From School Library Journal
Gr 4-7-A victim of the 1950s polio epidemic, Pauline doesn't let her wheelchair or crutches stand in the way of her passion for hockey. Carter alternates first-person accounts of a young Canadian teenager of the late '50s and early '60s written in the present tense with past-tense chapters that recount the events seven years earlier when the crippling disease struck. The author writes skillfully enough to make this device work, although the treatment of the dualities in the girl's world is a little heavy-handed: her easygoing dad versus her worrisome, overprotective mother; the mother versus glamorous, adventurous Tante Marie, who gives her niece a hockey stick for Christmas; the wicked nurse and physical therapist versus nurse "Nightingale" at the rehabilitation hospital; the girl's desire to resume her active life versus her desire to avoid embarrassment. Pauline is believable and accessible: she fears that her own selfishness is to blame for her disease; her anxiety about returning to school turns into determination; her response, at age 13, to the news that her mother is pregnant ("I don't want a sister or brother who can run or skate") is childish. The freedom that Pauline feels when her dad helps her become a wheelchair hockey player in their backyard rink is palpable. With a little promise of romance thrown in, this novel will make good recreational reading, and it seamlessly incorporates information on the historic epidemic.
Sue Sherif, Alaska State Library, Anchorage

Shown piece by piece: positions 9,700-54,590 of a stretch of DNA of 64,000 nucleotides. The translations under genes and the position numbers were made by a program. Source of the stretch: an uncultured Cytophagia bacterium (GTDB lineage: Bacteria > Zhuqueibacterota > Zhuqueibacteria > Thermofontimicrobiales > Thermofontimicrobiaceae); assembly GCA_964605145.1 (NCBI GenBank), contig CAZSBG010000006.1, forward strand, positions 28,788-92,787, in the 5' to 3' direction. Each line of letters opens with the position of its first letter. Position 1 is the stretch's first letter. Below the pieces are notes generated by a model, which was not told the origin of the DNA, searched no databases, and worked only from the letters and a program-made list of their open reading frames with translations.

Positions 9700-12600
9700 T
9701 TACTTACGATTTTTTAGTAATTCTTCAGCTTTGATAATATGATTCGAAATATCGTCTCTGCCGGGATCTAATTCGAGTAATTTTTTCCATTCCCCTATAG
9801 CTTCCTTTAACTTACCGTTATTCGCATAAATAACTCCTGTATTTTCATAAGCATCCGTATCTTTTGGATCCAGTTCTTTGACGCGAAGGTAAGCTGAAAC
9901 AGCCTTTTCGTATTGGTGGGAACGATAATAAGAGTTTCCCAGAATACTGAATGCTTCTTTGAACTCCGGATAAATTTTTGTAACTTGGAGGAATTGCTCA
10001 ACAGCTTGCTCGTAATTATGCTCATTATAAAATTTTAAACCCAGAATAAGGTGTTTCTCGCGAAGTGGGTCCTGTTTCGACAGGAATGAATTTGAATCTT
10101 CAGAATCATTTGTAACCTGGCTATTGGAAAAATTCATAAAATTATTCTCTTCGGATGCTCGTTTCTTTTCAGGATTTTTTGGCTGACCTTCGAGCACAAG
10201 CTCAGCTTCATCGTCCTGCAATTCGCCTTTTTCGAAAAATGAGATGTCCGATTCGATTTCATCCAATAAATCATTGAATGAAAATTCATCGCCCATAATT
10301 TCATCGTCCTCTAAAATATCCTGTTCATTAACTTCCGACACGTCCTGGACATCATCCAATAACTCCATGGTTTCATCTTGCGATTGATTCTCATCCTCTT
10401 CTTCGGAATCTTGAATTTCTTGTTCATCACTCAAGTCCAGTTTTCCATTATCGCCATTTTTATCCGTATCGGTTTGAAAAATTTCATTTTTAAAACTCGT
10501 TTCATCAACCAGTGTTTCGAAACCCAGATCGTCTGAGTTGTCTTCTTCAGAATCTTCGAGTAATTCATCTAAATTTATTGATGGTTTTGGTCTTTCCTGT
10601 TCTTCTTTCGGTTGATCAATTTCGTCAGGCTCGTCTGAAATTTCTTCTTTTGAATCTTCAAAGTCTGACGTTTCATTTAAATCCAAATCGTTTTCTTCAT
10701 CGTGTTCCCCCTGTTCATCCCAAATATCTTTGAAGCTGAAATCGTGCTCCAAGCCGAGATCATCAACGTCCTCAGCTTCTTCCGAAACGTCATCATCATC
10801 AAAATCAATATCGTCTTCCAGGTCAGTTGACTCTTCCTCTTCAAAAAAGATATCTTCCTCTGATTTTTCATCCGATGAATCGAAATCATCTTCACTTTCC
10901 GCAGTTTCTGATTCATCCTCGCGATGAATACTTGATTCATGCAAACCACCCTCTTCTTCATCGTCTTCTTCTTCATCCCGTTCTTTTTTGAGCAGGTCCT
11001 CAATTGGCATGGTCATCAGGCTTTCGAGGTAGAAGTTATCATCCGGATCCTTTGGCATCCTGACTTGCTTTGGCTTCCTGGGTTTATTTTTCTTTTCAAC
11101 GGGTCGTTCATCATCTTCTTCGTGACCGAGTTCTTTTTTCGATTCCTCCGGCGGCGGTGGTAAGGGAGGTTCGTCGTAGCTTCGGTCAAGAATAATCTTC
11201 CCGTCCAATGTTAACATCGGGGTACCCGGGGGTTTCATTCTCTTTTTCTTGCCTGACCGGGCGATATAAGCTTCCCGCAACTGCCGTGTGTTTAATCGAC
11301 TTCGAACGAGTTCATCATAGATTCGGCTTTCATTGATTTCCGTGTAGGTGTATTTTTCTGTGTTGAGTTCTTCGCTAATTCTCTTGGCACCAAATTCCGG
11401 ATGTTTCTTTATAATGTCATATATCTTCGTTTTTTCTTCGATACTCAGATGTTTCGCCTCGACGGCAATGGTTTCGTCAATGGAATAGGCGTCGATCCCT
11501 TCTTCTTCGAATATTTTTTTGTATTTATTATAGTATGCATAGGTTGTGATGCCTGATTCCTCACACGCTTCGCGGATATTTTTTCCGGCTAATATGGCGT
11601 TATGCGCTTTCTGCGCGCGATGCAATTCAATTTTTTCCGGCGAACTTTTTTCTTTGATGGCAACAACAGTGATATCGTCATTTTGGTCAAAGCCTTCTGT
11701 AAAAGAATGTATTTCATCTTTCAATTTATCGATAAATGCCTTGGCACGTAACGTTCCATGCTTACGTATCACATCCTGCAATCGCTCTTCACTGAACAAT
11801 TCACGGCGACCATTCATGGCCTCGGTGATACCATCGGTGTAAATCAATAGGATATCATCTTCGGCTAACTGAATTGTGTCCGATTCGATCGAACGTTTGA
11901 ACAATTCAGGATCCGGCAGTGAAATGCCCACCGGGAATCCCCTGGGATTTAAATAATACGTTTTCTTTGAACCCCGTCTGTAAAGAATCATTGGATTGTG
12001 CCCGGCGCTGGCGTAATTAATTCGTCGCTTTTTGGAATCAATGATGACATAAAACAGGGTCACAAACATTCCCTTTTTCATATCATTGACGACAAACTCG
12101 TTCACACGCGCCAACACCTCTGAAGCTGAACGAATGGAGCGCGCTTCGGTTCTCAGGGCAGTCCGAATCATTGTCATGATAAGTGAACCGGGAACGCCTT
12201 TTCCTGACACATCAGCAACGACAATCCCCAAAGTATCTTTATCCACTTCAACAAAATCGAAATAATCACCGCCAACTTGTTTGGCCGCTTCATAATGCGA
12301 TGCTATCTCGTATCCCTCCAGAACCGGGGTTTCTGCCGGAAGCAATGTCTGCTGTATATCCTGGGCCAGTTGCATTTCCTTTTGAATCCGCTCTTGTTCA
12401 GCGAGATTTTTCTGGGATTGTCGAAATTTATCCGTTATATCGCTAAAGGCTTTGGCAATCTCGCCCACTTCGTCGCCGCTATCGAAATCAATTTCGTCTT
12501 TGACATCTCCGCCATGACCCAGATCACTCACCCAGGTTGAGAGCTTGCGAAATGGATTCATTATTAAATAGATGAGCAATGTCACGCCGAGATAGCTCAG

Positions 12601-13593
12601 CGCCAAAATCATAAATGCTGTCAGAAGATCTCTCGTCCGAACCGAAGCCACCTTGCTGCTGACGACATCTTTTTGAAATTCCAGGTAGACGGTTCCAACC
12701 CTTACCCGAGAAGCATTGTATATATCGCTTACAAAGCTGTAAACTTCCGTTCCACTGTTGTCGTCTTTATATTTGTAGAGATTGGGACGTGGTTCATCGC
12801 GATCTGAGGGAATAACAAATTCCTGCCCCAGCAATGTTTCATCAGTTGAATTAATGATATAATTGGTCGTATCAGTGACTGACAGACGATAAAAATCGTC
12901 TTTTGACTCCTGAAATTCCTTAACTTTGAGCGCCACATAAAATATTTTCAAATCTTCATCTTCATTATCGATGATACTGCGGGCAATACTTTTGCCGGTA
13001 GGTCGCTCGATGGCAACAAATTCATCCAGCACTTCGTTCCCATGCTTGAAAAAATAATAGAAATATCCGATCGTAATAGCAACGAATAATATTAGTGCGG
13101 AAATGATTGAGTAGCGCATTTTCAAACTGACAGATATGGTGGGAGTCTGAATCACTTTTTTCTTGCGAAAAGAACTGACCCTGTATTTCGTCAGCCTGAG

Copyright 2002 Cahners Business Information, Inc.
Gr. 4-7. Like many middle-class Canadian kids in the 1950s, 12-year-old Pauline adores hockey, argues with her mother about homework, and is nervous about her expected new sibling. She's also a polio survivor struggling to regain use of her nearly crippled legs. In chapters that flip between the present and Pauline's hospitalization five years earlier, the story traces Pauline's efforts to overcome her fears and physical limitations and dive back into the rowdy, carefree childhood she had left behind. Carter magnifies the pain and horror of the disease with vivid descriptions of the iron lung, the miserable children's ward, and a slightly miscast, abusive nurse plucked straight from a gothic novel. But she leavens the drama and struggle with humor, vivid characters (especially a vivacious young Francophone aunt), and wonderful descriptions of Pauline's everyday concerns and determination to play hockey. Pair this with Patricia Reilly Giff's All the Way Home
[BKL O 15 01], also about a polio survivor. Gillian EngbergCopyright © American Library Association. All rights reserved